During the independence festivities only one noted Zambian failed to share in all the harmony. He is Edward Mukuka Nkoloso, a grade-school science teacher and the director of Zambia’s National Academy of Science, Space Research and Philosophy, who claimed the goings-on interfered with his space program to beat the U.S. and the Soviet Union to the moon. Already Nkoloso is training twelve Zambian astronauts, including a curvaceous 16-year-old girl, by spinning them around a tree in an oil drum and teaching them to walk on their hands, “the only way humans can walk on the moon.”
Well, maybe they should have elected Marine Le Pen. Maybe she wouldn’t have spent so much on makeup or at least she would have had the excuse of being a woman.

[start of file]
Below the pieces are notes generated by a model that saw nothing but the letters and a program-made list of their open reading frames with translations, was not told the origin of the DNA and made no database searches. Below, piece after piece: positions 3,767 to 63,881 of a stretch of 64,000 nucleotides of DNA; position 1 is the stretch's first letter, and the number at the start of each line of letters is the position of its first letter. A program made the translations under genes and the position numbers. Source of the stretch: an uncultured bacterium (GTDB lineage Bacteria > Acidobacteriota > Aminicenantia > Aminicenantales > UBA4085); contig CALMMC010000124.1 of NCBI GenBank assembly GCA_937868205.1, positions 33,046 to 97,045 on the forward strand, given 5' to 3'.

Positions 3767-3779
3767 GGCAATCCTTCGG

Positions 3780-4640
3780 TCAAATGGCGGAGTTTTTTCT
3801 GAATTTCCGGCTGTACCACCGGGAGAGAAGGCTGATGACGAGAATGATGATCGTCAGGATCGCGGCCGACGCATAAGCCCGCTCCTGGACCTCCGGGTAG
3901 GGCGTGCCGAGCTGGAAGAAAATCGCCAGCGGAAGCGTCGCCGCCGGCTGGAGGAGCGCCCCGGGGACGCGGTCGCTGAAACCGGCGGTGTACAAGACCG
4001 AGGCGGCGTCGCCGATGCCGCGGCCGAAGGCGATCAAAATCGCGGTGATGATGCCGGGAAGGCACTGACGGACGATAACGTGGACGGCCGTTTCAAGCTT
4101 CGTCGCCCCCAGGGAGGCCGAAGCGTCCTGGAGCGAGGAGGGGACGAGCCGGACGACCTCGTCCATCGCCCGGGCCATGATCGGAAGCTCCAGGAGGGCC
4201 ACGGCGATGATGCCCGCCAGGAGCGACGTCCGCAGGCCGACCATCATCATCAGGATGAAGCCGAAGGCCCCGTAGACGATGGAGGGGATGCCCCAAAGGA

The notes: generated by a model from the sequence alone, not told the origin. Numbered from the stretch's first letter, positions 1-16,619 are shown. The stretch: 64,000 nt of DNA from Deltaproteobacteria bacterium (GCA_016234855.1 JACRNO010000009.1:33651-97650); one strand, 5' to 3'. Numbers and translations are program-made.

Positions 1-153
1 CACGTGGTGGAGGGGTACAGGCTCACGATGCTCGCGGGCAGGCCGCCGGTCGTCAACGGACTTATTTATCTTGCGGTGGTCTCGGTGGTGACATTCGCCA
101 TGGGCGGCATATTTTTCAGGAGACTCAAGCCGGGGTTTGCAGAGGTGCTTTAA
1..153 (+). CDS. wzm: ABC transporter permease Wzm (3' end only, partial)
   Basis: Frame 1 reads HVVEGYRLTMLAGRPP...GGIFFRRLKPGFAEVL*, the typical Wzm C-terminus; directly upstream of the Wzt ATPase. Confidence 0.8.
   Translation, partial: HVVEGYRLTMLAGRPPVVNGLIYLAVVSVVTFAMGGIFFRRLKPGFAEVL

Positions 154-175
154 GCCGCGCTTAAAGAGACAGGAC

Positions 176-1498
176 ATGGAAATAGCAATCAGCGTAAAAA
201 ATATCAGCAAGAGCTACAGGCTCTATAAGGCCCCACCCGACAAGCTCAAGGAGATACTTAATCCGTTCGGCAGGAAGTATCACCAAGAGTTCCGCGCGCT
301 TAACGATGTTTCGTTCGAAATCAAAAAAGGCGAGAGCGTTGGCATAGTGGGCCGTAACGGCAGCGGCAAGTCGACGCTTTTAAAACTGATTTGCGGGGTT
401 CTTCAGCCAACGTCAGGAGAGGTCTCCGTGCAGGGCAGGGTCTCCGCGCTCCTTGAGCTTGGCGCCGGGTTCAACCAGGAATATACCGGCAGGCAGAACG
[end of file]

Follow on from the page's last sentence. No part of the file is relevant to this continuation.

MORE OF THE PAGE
French President Emmanuel Macron met with criticism and ridicule on social media last week after word surfaced that he has spent an excessive amount of money on makeup since taking office in May.
Numerous outlets have covered how Macron has dropped about 26,000 euros – more than 31,000 U.S. dollars – on the services of a personal makeup artist during his first three months in office.
The exorbitant amount of money spent on makeup struck one pro-life advocate in particular, who responded on Twitter with a reminder of his controversial assertion last month that the average number of children birthed by African women was holding the continent back as a civilization…
Macron was asked during a Q&A at the G20 summit in July whether implementing a policy similar to America’s Marshall Plan for rebuilding Europe after World War II would be beneficial in Africa.
“The problems Africa face today are completely different,” Macron said in a lengthy reply, “and are ‘civilizational.’”
He went on to list several serious challenges, and among them was a statistic of seven to eight children born to African women was “one of the essential challenges of Africa.”